APG sees local presence as crucial for growth in Asia
“An important part of the asset management business is getting a perspective from the ground, because more often than not it’s very different from the outside view,” Thijs Aaten CEO of APG Asset Management Asia told AsianInvestor.
Aaten joined APG in 2001 and served in numerous managerial roles in the Netherlands and Hong Kong, before taking over as chief executive of the €547 billion ($577 billion) AUM Dutch pension investor’s Asia Pacific operations in September 2022.
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APG has fast been increasing its regional capabilities across the board and its Asian investment headcount has more than doubled since Aaten relocated to the Hong Kong office just over 4.5 years ago.
“We had around 40 people when I arrived and now, we are close to 100 and we’ve greatly increased the number of asset categories we manage as well,” he said.
What often happens in an asset management firm, and what Aaten saw happening in Hong Kong, were silos being formed around the different asset teams—particularly amid the unique working environment of Covid—and he has made it a priority to break these down and increase collaboration.
“For instance, we have a China fixed income team who are looking into the country’s real estate sector from a board perspective, but we also have our real estate team who are looking at property in China from the developer and the equity side — so exchanging ideas very much makes sense,” he said.
APG’s Hong Kong office manages investments throughout Asia and Oceania and has over $30 billion in assets, up from $23 billion in 2018, and about half of these assets are allocated to private investments.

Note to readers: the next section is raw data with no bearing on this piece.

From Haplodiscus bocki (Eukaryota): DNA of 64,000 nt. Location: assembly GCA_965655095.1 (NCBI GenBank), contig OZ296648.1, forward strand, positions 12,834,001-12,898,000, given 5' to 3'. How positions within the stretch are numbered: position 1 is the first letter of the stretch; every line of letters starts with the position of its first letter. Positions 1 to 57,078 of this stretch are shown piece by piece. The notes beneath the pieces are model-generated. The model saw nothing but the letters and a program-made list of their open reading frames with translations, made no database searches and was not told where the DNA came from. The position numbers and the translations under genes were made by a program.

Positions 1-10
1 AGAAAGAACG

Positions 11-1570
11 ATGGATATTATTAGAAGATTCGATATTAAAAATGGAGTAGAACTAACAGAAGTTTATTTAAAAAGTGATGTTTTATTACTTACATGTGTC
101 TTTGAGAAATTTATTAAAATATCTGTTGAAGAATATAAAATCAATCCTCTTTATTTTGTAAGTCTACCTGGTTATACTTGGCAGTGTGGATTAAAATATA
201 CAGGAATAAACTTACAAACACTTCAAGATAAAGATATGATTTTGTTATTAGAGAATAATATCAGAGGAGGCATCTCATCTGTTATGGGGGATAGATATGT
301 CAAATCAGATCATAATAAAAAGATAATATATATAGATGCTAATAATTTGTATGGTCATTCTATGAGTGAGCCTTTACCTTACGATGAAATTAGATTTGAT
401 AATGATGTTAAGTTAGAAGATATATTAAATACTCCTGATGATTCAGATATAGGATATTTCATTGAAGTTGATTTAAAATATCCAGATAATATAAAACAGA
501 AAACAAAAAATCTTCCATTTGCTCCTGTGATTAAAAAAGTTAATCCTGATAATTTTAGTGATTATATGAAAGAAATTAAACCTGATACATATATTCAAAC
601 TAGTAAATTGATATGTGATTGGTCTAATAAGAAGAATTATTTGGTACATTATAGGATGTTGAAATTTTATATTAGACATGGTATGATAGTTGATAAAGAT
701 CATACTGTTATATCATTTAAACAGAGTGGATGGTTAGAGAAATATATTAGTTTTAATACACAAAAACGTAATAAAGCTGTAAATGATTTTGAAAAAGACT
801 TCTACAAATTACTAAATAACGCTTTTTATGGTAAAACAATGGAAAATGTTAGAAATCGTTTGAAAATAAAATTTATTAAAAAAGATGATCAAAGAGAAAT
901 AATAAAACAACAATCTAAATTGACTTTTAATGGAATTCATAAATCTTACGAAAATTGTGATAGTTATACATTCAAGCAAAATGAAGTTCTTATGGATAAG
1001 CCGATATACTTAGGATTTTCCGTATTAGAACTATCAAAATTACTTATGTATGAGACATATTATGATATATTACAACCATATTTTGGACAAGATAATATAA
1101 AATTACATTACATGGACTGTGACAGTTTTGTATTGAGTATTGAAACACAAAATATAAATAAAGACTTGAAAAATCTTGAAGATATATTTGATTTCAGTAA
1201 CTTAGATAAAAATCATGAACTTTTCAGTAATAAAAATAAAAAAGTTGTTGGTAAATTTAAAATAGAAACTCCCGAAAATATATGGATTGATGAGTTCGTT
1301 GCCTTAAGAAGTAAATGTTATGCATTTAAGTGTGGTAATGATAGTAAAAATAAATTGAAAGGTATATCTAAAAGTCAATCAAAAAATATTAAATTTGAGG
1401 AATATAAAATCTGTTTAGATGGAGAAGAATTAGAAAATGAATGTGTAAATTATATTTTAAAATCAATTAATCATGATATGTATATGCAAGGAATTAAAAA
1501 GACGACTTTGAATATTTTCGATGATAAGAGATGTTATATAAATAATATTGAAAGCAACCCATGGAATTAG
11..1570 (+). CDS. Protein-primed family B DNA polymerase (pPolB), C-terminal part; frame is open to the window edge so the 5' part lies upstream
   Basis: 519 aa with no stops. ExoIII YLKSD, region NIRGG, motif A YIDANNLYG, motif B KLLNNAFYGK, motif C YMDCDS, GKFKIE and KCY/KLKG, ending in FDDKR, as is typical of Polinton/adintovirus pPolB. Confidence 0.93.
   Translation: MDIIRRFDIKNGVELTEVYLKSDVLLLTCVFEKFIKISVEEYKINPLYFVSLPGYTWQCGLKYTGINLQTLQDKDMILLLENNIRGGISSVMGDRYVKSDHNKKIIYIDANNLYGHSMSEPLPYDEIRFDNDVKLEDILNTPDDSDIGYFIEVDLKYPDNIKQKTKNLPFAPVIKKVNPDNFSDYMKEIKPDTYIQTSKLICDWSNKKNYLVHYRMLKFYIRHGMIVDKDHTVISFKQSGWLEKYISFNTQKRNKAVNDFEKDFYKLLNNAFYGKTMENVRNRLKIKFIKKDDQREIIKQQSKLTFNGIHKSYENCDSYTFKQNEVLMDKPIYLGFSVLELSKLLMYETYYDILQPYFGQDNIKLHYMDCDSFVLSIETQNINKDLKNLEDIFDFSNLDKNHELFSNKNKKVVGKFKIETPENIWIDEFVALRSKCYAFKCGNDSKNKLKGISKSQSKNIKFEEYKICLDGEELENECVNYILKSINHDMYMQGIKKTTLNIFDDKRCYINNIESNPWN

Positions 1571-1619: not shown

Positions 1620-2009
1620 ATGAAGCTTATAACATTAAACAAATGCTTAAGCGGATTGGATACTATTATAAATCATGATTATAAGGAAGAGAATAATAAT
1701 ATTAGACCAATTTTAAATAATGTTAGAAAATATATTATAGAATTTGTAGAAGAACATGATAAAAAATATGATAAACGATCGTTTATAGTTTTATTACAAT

In executing its investment philosophy in Asia, APG Asset Management employs a direct and platform-style, partnership-based, investment strategy for its private real estate and infrastructure investments in Asia-Pacific, with club deals, joint ventures, managed platforms and (listed) company interests being the preferred route to implement clients' investment targets.
“Based on our investment approach we truly believe that having local presence is an advantage,” said Aaten.
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“This is a business that requires a network, being in contact with people, hearing about projects that might or might not turn into reality. That's not something you can do remotely from Amsterdam. For private assets and capital markets, it's important to have local presence or you’ll miss out on opportunities.”
CHINA FIXED INCOME
In October 2019, APG’s regional headquarters in Hong Kong established a wholly foreign-owned enterprise in Shanghai, which in turn set up a Beijing branch weeks later—creating the Dutch pension fund’s second and third Asian offices.
As the geopolitical situation and policy around China grow more complex, Aaten believes it is now more crucial than ever for foreign investors to have a team on the ground to get an accurate representation of the market dynamics.